Trabajo presentado en: 13th International Meeting on Thermodiffusion, Londres, 11 a 14 de 2018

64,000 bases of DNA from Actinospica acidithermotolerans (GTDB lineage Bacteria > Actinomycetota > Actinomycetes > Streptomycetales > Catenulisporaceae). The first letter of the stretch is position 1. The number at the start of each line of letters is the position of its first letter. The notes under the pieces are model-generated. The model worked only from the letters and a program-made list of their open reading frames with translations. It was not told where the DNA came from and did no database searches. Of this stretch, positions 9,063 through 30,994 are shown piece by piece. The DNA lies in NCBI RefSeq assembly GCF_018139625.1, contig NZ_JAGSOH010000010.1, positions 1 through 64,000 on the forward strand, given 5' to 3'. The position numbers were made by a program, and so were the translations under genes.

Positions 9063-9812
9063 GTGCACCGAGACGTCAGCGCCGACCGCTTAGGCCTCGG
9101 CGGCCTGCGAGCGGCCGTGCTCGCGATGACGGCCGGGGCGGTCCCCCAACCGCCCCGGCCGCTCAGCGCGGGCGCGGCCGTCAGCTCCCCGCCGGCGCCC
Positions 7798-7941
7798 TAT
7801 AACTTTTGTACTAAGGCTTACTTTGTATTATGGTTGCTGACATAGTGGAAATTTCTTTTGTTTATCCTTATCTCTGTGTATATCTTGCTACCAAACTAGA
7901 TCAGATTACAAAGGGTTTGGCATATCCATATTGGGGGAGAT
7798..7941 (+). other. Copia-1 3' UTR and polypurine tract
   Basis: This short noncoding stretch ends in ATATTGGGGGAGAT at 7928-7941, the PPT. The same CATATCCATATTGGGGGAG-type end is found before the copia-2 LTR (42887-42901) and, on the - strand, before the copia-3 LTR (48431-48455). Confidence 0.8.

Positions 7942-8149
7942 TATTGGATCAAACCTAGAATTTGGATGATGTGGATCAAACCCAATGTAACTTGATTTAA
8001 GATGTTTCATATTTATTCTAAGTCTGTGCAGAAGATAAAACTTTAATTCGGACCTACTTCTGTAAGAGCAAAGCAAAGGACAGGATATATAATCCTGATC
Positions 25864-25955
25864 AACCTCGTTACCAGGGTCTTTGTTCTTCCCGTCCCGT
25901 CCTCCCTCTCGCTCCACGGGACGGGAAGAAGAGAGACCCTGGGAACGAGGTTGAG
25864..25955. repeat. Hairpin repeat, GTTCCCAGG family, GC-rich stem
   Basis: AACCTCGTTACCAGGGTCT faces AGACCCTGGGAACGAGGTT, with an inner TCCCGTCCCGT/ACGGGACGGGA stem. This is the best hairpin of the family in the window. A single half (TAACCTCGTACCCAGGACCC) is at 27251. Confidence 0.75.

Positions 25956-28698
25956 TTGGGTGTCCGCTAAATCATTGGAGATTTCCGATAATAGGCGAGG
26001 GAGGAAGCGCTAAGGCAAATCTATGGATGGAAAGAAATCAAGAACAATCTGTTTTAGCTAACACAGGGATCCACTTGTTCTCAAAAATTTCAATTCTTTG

The thermo-physical properties of polymers such as thermal conductivity and heat capacity are affected by molecular orientation induced by deformation. These properties influence the optimization of fabrication processes and the performance of polymeric materials during use. In this talk, we introduce two complementary experimental methods to characterize the anisotropy in thermal conductivity and its relationship to stress and deformation in polymers subjected to uniaxial extension. The first method, Forced Rayleigh Scattering (FRS) , allows directional measurement of thermal diffusivity. The second method, Infrared Thermography (IRT) , allows characterization of the deviations from the un-deformed value of different components of the thermal conductivity tensor. Surprisingly, we find: 1) universality of a linear relationship between anisotropy in thermal conductivity and stress known as the stress-thermal rule and 2) that, in contrast to the analogous stress-optic rule, the validity of the stress-thermal rule extends beyond finite extensibility . Additionally, we present a transient method using Infrared Thermography to investigate the dependence of heat capacity on deformation . We find that the heat capacity increases with stretching in lightly cross-linked natural rubber. Using a simple thermodynamic analysis based on classical rubber elasticity an energetic contribution to the stress is found to be responsible for the changes in heat capacity. We discuss the implications of our findings for the assumption of purely entropic elasticity. A growing trend in the design and tuning of polymer manufacturing processes is the use of numerical simulations for the complex non-homogeneous and non-isothermal flows involved. However, while there has been a significant amount of work to include more complete rheological constitutive models into these simulations , the characterization and implementation of material thermo-physical properties and their connection to the micro-structural orientation remains a challenge. Our work is presented as a stepping-stone for the development of a molecular-to-continuum methodology for the simulation of industrially relevant flows in polymer manufacturing.